TE ANAU, NEW ZEALAND — As much as the hiking gods have frowned on us, the kayaking gods have smiled on us.
It takes a while to get to Doubtful Sound, which is three times longer than Milford Sound and 10 times as big. The fiord got its name in 1770 because Captain Cook, looking at its narrow mouth, didn’t think he’d be able to turn around and sail out if he went in, though he was mistaken — even whales sometimes go into Doubtful Sound.
The Go Orange bus picked us up at our motel at 6:30 a.m. and drove us to the landing in nearby Manapouri. From there, it took an hour by water taxi to get across Lake Manapouri, and another hour by bus to get across the Wilmot Pass to Deep Cove, on the inland edge of Doubtful Sound.
The road is only there because of the massive underground hydroelectric station at the west end of Lake Manapouri. To build it, 1.4 million tons of rock had to be moved, and engineers decided to bring in equipment via the ocean rather than land.
Most people get on cruise boats in Deep Cove. We got into kayaks with six other people and our guide, Lisa, a sturdy young woman of Maori descent who looked as if she’d been born with a paddle in her hand but grew up on a farm on the North Island and took a course in adventure tourism, like most guides.
Our group included two young Australian women, a young German couple and two English men, one of whom had recently moved to Melbourne because it was “like England, except with sun and optimism.”
We pushed off in a light rain, which is normal for Doubtful Sound — it’s one of the wettest places on Earth, with 22 feet of precipitation per year. But like magic, the sun soon came out.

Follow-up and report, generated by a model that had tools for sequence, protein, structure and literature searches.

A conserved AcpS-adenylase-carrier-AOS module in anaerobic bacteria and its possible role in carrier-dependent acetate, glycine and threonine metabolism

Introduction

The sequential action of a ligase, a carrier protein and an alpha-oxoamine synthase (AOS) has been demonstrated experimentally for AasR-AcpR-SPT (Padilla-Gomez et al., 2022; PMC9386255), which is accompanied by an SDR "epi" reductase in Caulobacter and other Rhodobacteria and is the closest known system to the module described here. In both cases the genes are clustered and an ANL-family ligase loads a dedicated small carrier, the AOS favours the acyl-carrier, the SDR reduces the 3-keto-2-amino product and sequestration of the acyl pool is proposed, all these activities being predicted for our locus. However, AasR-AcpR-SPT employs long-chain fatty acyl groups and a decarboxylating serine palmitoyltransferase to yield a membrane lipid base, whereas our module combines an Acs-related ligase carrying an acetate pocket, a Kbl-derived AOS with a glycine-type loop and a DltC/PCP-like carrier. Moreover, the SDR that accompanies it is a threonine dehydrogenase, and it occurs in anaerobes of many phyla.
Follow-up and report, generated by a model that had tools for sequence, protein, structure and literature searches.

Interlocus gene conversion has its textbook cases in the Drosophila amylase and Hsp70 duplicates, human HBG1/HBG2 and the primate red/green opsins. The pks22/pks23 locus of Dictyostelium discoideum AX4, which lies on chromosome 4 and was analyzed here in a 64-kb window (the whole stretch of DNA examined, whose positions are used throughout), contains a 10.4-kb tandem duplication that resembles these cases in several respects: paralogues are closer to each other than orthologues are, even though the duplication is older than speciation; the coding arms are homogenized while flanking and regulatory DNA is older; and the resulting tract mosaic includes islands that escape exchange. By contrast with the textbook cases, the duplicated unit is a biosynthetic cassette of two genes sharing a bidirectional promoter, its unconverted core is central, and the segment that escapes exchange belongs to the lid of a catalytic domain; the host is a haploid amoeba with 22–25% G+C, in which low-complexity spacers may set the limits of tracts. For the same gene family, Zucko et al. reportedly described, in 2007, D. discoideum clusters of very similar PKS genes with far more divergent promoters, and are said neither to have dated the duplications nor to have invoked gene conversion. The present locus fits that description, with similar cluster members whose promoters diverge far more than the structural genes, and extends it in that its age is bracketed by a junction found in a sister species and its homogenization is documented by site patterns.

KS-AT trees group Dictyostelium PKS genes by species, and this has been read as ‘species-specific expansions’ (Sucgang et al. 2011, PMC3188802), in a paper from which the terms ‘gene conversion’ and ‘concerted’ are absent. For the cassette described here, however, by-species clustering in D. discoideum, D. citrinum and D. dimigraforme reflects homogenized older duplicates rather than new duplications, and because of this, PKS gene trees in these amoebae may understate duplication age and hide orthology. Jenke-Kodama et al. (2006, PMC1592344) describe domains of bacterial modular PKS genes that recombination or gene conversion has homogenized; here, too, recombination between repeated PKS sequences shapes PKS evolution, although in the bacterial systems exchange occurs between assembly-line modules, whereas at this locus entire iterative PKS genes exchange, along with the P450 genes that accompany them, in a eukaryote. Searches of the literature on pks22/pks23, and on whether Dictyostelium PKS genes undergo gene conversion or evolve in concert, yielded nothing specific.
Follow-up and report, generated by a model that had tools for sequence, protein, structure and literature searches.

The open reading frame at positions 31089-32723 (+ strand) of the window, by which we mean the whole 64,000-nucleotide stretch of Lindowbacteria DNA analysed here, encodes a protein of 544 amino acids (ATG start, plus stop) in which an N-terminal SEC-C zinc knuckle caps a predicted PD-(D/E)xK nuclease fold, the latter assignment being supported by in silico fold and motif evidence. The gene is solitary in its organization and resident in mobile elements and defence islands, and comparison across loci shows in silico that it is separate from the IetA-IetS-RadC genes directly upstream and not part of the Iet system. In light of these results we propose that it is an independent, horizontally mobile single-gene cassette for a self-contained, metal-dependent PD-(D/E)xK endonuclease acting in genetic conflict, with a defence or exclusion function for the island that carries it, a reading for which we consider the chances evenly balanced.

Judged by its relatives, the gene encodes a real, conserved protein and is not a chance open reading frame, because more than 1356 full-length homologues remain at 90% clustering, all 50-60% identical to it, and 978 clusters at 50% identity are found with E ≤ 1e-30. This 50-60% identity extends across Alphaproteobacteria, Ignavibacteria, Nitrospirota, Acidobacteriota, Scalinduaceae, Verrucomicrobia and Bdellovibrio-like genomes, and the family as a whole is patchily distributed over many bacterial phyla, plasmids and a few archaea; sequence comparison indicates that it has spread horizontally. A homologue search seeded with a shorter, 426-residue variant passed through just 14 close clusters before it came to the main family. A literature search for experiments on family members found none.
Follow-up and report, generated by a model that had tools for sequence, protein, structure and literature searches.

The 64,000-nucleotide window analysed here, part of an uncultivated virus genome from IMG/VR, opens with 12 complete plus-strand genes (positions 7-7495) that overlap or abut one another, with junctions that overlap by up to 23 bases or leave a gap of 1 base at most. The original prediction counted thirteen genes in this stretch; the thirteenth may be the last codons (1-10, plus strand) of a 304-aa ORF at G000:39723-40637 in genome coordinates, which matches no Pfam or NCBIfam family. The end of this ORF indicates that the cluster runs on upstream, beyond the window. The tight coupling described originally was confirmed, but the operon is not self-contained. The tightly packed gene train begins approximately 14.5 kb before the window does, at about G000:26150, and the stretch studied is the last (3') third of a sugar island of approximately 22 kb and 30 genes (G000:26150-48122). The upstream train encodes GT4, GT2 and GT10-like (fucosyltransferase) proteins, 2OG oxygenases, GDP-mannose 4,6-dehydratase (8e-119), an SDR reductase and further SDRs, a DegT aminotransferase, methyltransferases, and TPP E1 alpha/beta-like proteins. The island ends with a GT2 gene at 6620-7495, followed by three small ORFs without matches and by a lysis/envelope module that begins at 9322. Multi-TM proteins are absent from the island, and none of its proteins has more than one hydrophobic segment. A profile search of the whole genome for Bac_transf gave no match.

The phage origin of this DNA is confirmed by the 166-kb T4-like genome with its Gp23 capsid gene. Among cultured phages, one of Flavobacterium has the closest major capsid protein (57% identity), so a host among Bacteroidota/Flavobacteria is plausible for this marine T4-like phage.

We wished our heads could swivel like an owl’s, because the scenery was breaktaking. As in Milford Sound, the mountains rise straight out of the water, with peaks like a jagged row of shark’s teeth and clouds hanging in the gaps. Waterfalls tumble down the rock from glacial lakes, some actually falling but most threading their way across the rock as vertical rivers.
We did notice one big difference between Doubtful and Milford: the silence. There were no planes or helicopters buzzing overhead, and just a few cruise boats in the afternoon.
Our kayaks were fiberglass this time, not plastic tubs, but they still weren’t fast enough to take us beyond Hall Arm, the first of five twisting passages off the main fiord. But Lisa assured us it was the prettiest part, with its views of Helena and Browne falls and Commander Peak looming alongside it.
How tall is Commander Peak, she asked? Guesses ranged from 300 to 800 meters except for Torsten (of course), who came closest with a guess of 1,120. Correct answer: 1,274 meters, or 4,180 feet.
We ate lunch on a rocky beach at the end of Hall Arm, where we counted 12 waterfalls. We also noticed a conspicuous crack, which Lisa confirmed is the fault line between the Pacific and Australian plates and was caused by an earthquake so powerful that it split the mountain nearly in two. We were paddling right on top of one of the world’s most active fault lines.